Of particular note is BSC’s commitment to self-sufficiency and, overtime, delivering a small return to its shareholders. Big Society Capital will make investments with risk and return characteristics comparable to the broader financial market and is not permitted to subsidize the returns of private investors – or, put another way, to take a riskier position than any other investor in the same deal, for the same financial return. In a market where many social-sector business models have been shown to be not financially viable without subsidy, this implies either that business models will change over time – responding to the government’s efforts to deliver further public services through voluntary, community and social enterprise organizations – or that BSC will be restricted to achieving its mission through a relatively narrow universe of investable opportunities. BSC is expected to be catalytic in the provision of cornerstone investment for new funds and intermediaries, subordinate debt and equity, and guarantees.
At the heart of BSC is a relatively complex set of governance arrangements that guarantee the institution’s independence from government. This includes:
- A mechanism to transfer the £400 million (US$ 608 million) in dormant accounts over the next five years through a separate fund.
- The creation of Big Society Trust to represent the interests of dormant assets and to ensure that BSC remains true to its mission. The Trust has its own board on which the government has one seat.
- Big Society Capital itself, with its own separate board and five shareholders: Big Society Trust with 60%, and Barclays, HSBC, Lloyds Banking Group and RBS each with 10% stakes. While the banks have 40% of the shares, they will never have more than 20% of the vote, which helps to preserve BSC’s social purpose.
Big Society Capital is operationally independent but its interests are closely aligned with those of the national government and its push for outcome-based performance in public-service delivery, including by developing vibrant new social ventures in health, welfare, education, criminal justice and other sectors. Because BSC emerged from the UK Cabinet Office, close connections remain between the two institutions, enabling access to the latest thinking on public-service reforms that support BSC’s investment capacity. Big Society Capital has also attracted an exceptionally talented team of professionals precisely because it exists as an innovation in public-private partnership and plays a uniquely high-profile role.
Impact to Date
As of December 2012, BSC had made £55 million (US$ 83.5 million) in investment commitments to five generalist social funds, six social impact bonds and two market infrastructure providers: Clearly So, which brokers relationships between social entrepreneurs raising capital and investors, and the Social Stock Exchange. Big Society Capital’s initial commitments have been matched 1:1 by other private and charitable co-investors.
Policy Recommendations for Scaling Social Innovation
BSC exists thanks to a combination of political will, and the right champion, the right opportunity in the market and conditions specific to the United Kingdom’s political, economic and social environment. While it has been in operation for just one year, its conception and structure provides important lessons to policy-makers outside of the United Kingdom:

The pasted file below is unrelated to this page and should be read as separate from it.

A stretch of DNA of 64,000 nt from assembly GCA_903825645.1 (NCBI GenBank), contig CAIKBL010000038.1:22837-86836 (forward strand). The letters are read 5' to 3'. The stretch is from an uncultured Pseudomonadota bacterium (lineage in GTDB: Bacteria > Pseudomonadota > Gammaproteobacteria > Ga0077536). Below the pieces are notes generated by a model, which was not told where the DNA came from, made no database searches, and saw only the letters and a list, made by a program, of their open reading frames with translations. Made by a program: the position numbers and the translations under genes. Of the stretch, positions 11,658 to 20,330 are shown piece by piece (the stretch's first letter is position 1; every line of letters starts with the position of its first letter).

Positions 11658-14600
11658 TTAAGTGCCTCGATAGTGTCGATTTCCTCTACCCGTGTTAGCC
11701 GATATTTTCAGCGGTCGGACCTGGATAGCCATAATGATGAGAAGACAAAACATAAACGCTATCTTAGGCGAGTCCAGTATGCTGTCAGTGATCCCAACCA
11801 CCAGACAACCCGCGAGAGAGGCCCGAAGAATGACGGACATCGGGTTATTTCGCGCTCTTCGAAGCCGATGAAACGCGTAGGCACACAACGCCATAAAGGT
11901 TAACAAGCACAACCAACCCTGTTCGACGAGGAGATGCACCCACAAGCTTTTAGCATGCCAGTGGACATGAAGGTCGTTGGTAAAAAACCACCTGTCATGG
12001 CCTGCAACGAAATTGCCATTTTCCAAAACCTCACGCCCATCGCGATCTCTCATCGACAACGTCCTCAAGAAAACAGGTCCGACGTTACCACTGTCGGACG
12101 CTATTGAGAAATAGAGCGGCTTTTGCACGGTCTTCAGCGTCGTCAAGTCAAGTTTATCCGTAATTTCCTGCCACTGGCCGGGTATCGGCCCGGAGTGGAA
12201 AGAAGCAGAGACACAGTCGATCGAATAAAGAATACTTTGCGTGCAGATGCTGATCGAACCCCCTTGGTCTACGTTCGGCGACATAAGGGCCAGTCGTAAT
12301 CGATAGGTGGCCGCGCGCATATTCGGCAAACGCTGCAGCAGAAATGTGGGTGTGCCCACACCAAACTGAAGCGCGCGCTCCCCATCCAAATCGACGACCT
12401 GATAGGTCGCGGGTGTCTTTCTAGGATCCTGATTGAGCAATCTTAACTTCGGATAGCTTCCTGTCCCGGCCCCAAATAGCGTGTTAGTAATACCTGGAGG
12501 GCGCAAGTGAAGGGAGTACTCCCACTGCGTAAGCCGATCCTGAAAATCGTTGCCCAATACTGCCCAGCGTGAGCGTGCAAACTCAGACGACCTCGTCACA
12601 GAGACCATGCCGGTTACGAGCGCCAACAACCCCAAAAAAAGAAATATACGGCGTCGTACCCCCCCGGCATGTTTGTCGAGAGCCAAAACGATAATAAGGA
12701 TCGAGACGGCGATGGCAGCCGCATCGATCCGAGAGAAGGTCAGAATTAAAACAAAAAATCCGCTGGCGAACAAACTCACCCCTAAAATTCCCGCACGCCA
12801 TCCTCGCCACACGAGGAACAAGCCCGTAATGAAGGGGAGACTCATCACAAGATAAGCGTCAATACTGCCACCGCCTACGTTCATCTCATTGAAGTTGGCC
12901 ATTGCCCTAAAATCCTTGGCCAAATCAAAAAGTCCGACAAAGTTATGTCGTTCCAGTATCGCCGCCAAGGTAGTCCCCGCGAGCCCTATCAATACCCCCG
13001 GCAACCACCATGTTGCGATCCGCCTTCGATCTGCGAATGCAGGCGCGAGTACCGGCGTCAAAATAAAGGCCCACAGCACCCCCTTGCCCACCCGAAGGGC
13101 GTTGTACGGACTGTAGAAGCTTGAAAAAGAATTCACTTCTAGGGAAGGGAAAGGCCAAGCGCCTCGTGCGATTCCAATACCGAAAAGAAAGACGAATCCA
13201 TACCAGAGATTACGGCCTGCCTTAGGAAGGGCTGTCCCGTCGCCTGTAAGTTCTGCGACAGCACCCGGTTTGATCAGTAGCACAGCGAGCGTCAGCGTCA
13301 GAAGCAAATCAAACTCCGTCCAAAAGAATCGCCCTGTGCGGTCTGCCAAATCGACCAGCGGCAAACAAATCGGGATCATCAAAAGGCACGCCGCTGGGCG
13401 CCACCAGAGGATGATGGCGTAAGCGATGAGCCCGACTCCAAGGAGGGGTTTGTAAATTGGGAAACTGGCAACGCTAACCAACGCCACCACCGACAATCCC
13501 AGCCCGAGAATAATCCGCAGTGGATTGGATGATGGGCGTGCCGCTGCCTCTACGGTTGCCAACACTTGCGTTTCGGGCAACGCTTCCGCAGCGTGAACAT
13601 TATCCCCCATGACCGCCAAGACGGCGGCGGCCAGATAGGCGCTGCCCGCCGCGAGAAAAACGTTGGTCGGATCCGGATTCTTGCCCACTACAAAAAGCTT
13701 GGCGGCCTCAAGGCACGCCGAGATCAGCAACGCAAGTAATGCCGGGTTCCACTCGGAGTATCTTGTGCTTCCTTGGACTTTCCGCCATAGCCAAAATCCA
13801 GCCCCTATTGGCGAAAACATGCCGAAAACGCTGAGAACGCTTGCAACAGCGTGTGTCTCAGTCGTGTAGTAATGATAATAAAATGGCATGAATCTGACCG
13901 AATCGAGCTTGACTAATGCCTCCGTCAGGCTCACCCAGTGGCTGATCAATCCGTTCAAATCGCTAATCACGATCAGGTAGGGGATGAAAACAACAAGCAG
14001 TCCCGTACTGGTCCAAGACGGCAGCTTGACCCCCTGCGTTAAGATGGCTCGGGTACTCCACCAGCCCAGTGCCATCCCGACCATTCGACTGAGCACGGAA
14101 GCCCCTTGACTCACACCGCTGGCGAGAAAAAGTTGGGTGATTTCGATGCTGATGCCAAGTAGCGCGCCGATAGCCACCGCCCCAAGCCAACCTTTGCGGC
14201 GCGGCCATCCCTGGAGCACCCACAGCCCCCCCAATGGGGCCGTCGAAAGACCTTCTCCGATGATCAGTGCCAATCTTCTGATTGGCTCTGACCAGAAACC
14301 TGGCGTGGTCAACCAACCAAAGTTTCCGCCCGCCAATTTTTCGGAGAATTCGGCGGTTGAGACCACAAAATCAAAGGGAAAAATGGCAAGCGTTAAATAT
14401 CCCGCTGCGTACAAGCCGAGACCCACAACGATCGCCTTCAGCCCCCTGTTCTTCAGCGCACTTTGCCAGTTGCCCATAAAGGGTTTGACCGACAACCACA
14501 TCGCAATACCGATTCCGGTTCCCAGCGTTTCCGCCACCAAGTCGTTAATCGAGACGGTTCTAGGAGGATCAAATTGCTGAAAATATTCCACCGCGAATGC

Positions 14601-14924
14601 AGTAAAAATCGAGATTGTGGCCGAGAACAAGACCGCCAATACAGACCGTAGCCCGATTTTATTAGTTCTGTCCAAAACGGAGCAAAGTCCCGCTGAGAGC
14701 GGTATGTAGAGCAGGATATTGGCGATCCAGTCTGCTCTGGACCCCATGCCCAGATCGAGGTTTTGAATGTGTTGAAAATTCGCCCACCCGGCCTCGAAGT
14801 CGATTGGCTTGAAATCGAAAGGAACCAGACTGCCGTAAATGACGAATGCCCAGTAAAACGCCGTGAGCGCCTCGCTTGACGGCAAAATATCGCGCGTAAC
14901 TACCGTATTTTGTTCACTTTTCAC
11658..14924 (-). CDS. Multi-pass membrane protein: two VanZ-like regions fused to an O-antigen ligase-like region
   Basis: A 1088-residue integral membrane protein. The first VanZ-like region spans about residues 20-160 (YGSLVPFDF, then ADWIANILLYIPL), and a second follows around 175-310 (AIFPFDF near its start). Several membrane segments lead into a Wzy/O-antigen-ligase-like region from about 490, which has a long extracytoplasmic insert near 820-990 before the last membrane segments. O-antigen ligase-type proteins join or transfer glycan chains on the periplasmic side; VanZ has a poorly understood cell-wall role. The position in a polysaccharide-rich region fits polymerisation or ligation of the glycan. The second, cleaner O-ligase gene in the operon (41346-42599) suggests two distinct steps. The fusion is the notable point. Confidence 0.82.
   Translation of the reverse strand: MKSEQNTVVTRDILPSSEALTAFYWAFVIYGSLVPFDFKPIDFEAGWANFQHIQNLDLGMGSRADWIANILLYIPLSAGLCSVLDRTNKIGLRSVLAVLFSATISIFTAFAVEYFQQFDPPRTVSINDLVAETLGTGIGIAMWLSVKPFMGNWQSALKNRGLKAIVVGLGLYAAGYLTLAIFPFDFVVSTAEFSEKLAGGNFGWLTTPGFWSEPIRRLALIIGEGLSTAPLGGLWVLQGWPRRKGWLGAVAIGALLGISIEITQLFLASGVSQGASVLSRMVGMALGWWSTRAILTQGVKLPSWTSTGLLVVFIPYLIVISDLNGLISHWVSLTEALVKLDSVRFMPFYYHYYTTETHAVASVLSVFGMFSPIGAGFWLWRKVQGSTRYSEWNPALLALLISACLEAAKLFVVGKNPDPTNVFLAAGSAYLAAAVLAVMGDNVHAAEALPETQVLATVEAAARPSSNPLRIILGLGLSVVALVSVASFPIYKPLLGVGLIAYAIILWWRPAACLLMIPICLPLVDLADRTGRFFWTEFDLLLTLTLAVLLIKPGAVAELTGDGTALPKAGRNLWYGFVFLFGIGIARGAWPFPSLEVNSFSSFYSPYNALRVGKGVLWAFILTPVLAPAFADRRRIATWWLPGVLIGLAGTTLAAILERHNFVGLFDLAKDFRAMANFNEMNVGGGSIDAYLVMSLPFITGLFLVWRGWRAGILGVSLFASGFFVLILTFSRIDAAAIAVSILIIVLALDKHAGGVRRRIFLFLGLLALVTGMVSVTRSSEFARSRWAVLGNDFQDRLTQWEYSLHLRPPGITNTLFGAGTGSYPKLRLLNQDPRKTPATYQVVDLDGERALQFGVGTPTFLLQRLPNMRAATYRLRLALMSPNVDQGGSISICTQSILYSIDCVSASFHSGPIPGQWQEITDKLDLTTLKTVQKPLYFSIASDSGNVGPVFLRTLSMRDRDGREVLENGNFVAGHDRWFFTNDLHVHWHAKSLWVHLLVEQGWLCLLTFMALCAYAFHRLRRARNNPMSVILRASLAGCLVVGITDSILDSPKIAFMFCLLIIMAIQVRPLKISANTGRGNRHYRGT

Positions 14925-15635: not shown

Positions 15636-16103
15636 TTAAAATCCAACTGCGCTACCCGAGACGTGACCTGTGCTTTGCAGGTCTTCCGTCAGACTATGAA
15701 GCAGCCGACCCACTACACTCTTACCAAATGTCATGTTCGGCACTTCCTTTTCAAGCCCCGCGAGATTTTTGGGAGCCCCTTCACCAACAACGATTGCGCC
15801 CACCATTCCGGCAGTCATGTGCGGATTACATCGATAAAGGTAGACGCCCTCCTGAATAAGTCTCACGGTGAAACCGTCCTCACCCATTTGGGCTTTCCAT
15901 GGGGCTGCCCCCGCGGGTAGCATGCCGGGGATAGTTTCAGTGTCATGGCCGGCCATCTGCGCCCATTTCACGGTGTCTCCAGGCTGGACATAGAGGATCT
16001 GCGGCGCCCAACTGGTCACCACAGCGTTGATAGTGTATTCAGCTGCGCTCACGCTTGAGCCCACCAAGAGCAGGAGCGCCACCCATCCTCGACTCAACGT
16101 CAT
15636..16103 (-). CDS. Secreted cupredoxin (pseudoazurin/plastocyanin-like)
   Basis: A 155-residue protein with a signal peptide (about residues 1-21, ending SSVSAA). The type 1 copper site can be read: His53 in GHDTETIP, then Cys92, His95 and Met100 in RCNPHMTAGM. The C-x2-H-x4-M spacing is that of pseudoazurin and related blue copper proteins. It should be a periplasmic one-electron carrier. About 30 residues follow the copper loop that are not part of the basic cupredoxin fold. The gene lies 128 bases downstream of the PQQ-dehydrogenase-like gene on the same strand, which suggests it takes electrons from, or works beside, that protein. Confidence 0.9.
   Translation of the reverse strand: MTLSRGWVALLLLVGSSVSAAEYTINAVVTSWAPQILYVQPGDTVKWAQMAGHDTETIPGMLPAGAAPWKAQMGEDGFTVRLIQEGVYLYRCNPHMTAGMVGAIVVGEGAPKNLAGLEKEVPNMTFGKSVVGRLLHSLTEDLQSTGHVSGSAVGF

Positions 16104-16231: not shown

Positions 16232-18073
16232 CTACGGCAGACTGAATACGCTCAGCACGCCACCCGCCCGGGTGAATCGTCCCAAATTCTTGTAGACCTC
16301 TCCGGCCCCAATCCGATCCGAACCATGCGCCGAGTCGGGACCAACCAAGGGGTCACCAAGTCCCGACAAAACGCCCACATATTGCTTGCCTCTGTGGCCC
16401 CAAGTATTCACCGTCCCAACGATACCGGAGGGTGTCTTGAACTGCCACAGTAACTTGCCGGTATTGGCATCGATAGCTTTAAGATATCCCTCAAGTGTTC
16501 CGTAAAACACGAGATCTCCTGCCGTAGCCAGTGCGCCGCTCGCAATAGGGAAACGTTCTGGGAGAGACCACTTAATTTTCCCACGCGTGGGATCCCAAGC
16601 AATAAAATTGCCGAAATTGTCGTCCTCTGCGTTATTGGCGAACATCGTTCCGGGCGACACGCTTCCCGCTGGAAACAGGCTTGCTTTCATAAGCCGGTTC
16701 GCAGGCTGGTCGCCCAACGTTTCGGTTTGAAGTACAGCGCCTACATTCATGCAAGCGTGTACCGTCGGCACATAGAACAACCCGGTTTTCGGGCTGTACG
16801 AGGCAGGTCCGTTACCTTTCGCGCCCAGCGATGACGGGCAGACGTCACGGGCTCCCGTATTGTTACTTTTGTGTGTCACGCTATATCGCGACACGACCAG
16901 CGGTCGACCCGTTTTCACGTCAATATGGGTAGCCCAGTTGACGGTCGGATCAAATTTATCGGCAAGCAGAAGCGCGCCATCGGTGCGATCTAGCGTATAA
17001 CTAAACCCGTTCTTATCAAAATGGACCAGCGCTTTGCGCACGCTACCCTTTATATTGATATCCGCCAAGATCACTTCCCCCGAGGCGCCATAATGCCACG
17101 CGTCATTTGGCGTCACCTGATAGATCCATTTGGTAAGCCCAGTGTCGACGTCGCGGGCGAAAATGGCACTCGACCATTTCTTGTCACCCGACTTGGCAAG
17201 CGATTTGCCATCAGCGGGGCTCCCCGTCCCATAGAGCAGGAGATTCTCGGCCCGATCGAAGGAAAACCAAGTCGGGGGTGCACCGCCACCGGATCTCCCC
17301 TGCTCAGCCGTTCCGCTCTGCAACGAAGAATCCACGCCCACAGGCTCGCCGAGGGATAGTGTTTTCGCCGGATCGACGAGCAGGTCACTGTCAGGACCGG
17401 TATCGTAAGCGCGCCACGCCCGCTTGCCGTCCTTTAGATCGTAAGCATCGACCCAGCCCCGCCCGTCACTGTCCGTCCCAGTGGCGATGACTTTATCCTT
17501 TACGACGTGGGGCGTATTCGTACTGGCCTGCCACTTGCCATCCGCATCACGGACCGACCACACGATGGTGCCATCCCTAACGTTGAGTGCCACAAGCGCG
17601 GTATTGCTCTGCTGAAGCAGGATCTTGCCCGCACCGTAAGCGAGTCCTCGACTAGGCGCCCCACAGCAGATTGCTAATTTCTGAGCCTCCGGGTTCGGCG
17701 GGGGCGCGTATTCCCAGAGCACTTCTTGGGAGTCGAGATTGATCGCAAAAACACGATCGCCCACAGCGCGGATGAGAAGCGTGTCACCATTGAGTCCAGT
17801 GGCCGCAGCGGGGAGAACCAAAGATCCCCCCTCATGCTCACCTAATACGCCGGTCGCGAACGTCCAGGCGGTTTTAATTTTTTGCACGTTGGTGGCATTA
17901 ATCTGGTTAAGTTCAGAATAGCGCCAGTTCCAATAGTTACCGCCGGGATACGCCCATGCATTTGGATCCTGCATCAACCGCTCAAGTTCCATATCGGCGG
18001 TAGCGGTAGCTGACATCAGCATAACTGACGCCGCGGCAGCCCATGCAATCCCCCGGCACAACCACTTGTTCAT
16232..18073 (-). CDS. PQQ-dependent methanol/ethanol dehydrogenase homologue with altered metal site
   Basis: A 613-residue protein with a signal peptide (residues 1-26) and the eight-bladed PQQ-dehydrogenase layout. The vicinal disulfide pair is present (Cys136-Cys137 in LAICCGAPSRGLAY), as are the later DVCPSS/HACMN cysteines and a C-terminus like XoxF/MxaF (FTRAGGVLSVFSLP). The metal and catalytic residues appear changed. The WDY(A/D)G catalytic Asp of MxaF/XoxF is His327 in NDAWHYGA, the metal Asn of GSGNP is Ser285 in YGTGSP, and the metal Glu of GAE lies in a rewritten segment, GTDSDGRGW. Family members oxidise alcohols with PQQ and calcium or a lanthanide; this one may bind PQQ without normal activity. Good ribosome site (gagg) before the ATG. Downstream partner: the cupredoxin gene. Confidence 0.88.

Garner consensus and collaboration across parties, political bodies and the public and private sectors to mobilize a unified vision, over time
The United Kingdom has benefited from a long history of public innovation and experimentation in social investment, bridging political administrations. Big Society Capital emerged as a result of this activity, building on the lessons from precursors. One precursor, for example, was the FutureBuilders Fund, which was created in 2003 with £125 million (US$ 190 million) to provide loan financing, grants and professional support to social enterprises and to help them deliver public-service contracts.
Identify a champion who understands and can represent both public and private sector interests
Sir Ronald Cohen has been a constant presence throughout BSC’s development. Sir Ronald’s personal credibility as a highly respected investor and social-sector visionary made him the ideal champion.
Develop complementary policies to support the market’s balanced and sustainable growth, covering both the “supply” and “demand” sides of social investment
Alongside BSC, and to help build a strong pipeline of investible propositions in the social investment market, the Cabinet Office has implemented numerous other policies to bolster the “demand” for capital and investability of social ventures. This includes the Investment and Contract Readiness Fund (also profiled in this report), a £10 million (US$ 15.2 million) grant programme supporting social ventures in obtaining new forms of capital and competing for public-service contracts, and the Social Incubator Fund, another £10 million grant programme for organizations known as incubators that work to make early-stage social ventures viable.
BSC On the Ground
Nesta Investment Management
Nesta Investment Management LLP (NIM) is a UK private equity fund manager that has raised Nesta Impact Investments 1 (NII-1), a limited partnership investing in innovative social ventures using technology to make a positive impact on the well-being of an ageing population, the education and employability of young people, and the social and environmental sustainability of communities.
In February 2013, NII-1 stood at £17.6 million (US$ 26.7 million) and was capitalized with £8 million (US$ 12.2 million) from its parent, the charity Nesta, an £8 million (US$ 12.2 million) co-investment from BSC, and £1.6 million (US$ 2.4 million) from Omidyar Network.
BSC was not the sole cornerstone investor in this example, but it helped NIM refine its investable universe and is expected to be an ongoing source of deal flow. NII-1 reached a first close in October 2012 after just six months of fundraising, a milestone that would not have been attained as quickly without BSC’s support.